2016 - 19th Annual Steven Galovich Memorial Student Symposium

Presentation Title

Women's Empowerment and Value Chains: The Role of Informal Financial Services

Student Presenter(s) and Advisor

Cassandra Lira, LakeForest CollegeFollow

Location

Meyer Auditorium

Abstract

An estimated 2.5 billion people do not have formal bank accounts; the majority of these are women. Alternative financial services in Africa, Asia, and Latin America include self-help groups, rotating savings and credit associations (RoSCAs), and village savings and loan associations (VSLAs). Facing constraints such as discriminatory laws and customs, gender-based violence, and a lack of economic opportunities, informal financial tools empower women to participate in value chain activities. Previously excluded from profitable agricultural and manufacturing activities, women obtain access to capital, raw materials, training, and markets for the production, distribution, and sale of produce, clothing, crafts, and processed foods.

Presentation Type

Individual Presentation

Start Date

4-5-2016 1:00 PM

End Date

4-5-2016 2:15 PM

Panel

A Global Perspective on Informal Financial Services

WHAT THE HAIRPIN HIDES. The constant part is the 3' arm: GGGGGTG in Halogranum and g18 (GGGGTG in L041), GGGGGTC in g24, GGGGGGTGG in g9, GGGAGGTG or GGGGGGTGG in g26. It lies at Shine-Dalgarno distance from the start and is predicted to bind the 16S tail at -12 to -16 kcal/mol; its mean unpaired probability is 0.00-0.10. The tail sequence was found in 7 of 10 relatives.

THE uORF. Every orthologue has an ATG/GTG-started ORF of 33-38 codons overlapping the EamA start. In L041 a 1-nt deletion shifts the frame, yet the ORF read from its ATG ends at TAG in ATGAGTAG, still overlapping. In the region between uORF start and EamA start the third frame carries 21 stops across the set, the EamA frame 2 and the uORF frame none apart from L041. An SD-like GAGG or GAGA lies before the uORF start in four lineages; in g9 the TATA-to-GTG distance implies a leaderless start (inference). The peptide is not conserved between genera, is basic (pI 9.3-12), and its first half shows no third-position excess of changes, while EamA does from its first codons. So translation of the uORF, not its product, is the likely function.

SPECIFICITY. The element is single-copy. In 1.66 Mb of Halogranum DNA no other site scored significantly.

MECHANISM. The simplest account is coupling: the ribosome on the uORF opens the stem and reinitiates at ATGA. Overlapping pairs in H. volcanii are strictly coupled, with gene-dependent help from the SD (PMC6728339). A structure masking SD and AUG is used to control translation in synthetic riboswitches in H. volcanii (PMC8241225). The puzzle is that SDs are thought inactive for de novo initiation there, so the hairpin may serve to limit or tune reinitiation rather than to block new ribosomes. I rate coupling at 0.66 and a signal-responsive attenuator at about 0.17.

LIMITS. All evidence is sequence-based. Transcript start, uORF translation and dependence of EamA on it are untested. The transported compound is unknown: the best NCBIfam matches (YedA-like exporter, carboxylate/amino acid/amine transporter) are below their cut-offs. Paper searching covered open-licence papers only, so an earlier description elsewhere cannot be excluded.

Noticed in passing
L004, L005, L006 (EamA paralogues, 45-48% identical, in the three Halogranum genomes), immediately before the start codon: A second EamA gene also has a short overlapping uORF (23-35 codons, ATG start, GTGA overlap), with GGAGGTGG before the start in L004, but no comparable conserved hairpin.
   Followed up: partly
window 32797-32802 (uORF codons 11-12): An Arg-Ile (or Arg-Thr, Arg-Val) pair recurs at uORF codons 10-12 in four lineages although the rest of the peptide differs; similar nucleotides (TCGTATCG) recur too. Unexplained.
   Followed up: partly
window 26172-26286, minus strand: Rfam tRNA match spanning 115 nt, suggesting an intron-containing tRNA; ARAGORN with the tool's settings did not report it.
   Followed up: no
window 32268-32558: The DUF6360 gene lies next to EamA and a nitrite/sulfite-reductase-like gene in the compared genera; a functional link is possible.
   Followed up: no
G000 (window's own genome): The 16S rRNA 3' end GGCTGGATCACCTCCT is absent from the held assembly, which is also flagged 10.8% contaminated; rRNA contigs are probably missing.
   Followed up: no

Panel Moderator

Les Dlabay

Field of Study for Presentation

Business, Entrepreneurship and Innovation, Finance, International Relations, Social Justice, Women's and Gender Studies

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Apr 5th, 1:00 PM Apr 5th, 2:15 PM

Women's Empowerment and Value Chains: The Role of Informal Financial Services

Meyer Auditorium

An estimated 2.5 billion people do not have formal bank accounts; the majority of these are women. Alternative financial services in Africa, Asia, and Latin America include self-help groups, rotating savings and credit associations (RoSCAs), and village savings and loan associations (VSLAs). Facing constraints such as discriminatory laws and customs, gender-based violence, and a lack of economic opportunities, informal financial tools empower women to participate in value chain activities. Previously excluded from profitable agricultural and manufacturing activities, women obtain access to capital, raw materials, training, and markets for the production, distribution, and sale of produce, clothing, crafts, and processed foods.